- Some regional councils may have approved consistent templates to assist in preparing FEPs
- Mixed systems may need to combine or adapt existing FEPs
Our intent: Minimise the risk of contamination of water bodies from stored feed.
1. Store, transport and distribute feed to minimise wastage, leachate and soil damage.
- Design feed storage facilities to minimise wastage and soil damage, i.e. sealed or compacted surface
- Minimise leachate generation (e.g. make silage at optimum moisture content) and prevent leachate from entering surface water bodies, groundwater or stockwater
- Site silage stacks so that overland flow of water from heavy rain cannot enter the stack
- Site feed areas away from waterways
- Distribute feed so as to minimise soil damage (from farm equipment and animals) and potential surface run-off to waterways, i.e. avoid Critical Source Areas
- Deer: Make sure silage is made at the optimum moisture content to reduce possible leaching, recommended at 30% dry matter or more
- Outdoor pigs: Feed diets and feed levels appropriate for the physiologic state of the animal i.e. separate gestating and lactating sow diet
Our intent: Minimise the risk of contamination of water bodies from stored and applied effluent.
1. Ensure the effluent system meets industry specific Code of Practice or equivalent standard.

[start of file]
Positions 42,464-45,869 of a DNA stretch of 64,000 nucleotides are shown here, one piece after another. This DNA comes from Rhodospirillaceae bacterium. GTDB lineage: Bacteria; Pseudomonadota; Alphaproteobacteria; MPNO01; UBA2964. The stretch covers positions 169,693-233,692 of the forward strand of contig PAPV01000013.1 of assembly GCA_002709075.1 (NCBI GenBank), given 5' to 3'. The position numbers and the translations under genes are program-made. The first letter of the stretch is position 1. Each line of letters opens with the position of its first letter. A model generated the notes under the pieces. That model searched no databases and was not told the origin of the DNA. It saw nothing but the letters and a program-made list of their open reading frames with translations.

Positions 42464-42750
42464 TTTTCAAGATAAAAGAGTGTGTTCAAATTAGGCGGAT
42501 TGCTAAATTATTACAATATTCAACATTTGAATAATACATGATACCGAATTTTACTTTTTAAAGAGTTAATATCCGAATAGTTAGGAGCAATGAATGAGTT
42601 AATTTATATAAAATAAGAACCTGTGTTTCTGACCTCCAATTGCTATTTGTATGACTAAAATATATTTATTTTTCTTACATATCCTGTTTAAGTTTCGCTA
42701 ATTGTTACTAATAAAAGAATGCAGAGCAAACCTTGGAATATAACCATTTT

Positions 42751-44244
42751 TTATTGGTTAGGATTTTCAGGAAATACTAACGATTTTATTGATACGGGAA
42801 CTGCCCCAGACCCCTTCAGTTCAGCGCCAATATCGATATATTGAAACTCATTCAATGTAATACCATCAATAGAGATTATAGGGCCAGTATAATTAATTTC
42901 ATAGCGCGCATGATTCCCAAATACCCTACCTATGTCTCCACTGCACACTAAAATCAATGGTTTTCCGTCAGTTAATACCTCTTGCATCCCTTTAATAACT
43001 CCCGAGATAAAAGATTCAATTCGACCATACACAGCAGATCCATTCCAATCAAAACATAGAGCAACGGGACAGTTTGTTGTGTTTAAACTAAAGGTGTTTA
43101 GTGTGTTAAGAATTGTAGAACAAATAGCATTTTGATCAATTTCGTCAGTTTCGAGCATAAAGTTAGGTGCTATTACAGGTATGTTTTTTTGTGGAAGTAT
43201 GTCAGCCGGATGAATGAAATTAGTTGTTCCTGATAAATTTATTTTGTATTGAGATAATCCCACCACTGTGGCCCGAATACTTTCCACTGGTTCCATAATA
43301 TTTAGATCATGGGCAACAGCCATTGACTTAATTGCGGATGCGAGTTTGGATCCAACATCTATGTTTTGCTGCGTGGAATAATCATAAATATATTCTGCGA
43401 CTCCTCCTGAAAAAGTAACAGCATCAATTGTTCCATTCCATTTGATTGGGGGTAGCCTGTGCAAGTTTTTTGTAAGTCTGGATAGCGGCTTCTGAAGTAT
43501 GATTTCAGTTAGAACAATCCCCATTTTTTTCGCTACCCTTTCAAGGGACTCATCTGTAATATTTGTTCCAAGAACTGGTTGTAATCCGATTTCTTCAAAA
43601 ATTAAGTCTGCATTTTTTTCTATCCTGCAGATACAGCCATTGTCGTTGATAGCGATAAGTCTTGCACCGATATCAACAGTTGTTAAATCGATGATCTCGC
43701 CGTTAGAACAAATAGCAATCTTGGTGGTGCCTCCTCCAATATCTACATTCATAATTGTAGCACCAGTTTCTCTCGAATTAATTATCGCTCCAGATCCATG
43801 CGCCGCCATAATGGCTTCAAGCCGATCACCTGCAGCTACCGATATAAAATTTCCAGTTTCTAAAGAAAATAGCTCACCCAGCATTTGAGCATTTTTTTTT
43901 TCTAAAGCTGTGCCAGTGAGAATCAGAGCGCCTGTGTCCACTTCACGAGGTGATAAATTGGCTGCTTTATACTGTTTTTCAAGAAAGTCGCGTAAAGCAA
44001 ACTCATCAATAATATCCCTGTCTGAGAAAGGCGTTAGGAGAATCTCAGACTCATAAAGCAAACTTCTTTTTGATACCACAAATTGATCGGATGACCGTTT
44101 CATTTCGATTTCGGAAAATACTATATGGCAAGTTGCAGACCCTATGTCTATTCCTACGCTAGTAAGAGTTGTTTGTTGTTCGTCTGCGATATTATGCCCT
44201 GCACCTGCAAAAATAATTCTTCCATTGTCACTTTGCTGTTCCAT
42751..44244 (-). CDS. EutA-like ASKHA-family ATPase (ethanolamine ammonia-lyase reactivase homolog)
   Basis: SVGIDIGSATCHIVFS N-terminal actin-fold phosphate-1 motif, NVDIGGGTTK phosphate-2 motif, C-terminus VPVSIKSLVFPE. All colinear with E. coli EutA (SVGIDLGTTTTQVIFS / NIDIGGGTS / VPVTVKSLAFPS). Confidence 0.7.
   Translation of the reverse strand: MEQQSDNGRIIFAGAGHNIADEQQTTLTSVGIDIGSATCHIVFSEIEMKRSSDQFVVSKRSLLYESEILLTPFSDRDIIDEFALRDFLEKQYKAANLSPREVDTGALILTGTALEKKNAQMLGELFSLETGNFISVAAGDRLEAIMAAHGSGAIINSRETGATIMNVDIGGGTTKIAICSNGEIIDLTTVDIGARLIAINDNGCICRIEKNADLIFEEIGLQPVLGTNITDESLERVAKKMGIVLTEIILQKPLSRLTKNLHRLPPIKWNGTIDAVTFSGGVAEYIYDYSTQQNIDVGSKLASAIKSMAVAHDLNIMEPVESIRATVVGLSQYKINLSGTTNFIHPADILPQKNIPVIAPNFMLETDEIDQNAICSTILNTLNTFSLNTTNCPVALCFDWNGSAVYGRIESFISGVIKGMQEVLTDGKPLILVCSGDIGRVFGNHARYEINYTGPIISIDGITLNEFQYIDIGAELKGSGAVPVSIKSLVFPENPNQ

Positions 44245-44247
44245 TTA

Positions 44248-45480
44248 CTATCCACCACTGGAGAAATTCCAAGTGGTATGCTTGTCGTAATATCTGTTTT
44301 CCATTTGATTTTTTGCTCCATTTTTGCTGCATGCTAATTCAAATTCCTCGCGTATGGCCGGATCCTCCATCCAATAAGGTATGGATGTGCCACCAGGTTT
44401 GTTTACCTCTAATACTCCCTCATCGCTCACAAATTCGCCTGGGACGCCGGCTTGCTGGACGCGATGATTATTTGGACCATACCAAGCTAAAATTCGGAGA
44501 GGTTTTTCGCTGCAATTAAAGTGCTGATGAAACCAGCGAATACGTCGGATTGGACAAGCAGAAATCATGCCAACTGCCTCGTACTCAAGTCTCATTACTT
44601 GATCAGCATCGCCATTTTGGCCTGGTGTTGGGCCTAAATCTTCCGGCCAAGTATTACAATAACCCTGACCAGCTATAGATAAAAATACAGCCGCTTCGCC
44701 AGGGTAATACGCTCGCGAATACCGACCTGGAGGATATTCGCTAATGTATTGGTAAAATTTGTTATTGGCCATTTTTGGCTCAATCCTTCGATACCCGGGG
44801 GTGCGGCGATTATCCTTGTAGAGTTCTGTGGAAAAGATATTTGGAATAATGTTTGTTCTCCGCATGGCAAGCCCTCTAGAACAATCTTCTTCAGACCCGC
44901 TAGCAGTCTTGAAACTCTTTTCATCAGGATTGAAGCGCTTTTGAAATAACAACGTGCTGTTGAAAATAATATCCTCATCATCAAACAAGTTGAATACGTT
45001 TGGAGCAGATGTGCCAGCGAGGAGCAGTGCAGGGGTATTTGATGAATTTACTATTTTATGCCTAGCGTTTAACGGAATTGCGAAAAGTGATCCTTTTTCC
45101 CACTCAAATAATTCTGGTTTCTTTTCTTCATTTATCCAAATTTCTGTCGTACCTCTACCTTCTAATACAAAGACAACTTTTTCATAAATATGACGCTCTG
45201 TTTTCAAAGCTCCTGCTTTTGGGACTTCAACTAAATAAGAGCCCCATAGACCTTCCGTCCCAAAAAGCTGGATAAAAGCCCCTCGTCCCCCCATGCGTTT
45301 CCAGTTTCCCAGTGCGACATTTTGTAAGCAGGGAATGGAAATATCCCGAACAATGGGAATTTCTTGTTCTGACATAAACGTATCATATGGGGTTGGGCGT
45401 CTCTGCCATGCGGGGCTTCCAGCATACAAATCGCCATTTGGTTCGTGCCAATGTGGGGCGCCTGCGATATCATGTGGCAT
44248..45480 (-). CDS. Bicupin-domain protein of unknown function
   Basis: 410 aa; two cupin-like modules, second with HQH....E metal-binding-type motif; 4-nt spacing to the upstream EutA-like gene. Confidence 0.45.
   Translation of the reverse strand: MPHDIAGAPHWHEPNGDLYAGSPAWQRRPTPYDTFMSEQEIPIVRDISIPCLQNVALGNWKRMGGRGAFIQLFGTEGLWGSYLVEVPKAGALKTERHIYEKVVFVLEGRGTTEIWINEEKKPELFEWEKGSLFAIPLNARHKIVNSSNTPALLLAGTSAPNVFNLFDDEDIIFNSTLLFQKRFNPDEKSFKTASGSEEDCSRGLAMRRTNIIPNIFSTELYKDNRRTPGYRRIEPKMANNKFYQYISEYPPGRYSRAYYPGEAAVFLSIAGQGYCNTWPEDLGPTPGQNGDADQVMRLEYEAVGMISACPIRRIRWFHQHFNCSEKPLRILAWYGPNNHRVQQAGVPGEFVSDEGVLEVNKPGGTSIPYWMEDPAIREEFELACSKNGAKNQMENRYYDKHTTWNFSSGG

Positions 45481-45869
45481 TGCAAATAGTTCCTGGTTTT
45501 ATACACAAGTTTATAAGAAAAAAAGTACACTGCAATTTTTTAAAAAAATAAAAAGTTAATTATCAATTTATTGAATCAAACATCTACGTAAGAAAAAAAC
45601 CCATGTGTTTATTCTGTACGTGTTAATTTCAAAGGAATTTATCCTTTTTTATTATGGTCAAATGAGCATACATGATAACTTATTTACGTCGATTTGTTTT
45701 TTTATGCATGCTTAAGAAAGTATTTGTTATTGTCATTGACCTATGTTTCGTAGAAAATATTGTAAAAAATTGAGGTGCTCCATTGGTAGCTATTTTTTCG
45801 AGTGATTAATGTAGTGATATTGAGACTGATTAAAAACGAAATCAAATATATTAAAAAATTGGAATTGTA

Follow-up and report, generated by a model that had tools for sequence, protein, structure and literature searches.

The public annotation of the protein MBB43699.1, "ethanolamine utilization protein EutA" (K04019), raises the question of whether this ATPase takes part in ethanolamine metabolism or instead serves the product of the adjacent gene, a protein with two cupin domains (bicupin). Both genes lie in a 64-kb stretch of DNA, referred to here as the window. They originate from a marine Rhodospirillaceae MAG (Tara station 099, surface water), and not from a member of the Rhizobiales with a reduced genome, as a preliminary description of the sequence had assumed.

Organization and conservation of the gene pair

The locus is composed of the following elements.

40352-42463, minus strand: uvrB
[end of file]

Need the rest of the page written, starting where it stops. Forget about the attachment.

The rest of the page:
All new effluent systems are designed to Farm Dairy Effluent (FDE) Design Code of Practice.
The main objectives of the system are to:
- to capture all FDE
- to spread the FDE at a time that allows uptake by plants
- to uniformly spread the FDE to the desired depth, and at the desired intensity
- to control FDE application to within the boundaries of the application area
- to ensure that FDE systems can be operated safely
- to comply with all regulatory requirements, including consent conditions
2. Have sufficient, suitable storage available to enable farm effluent and wastewater to be stored when soil conditions are unsuitable for application.
- Suitable storage is calculated using the Dairy Effluent Storage Calculator. This enables FDE to be stored when soil and management conditions are unsuitable for FDE land application.
- All areas that FDE is collected from are sealed (this includes feed pads). All new effluent systems are designed to FDE Design Code of Practice standard.
- Storage facilities are sealed and maintained to ensure containment of effluent. Storage is actively management to ensure storage is available when required.
Enclosure systems should be located and managed to minimise the environmental impact of effluent. In particular:
- Store effluent for later dispersal to land where appropriate;
- Effluent and run-off water should not enter natural waterways untreated;
- Solid waste should be kept away from waterways;
- Faecal/urine surface material should be cleared annually;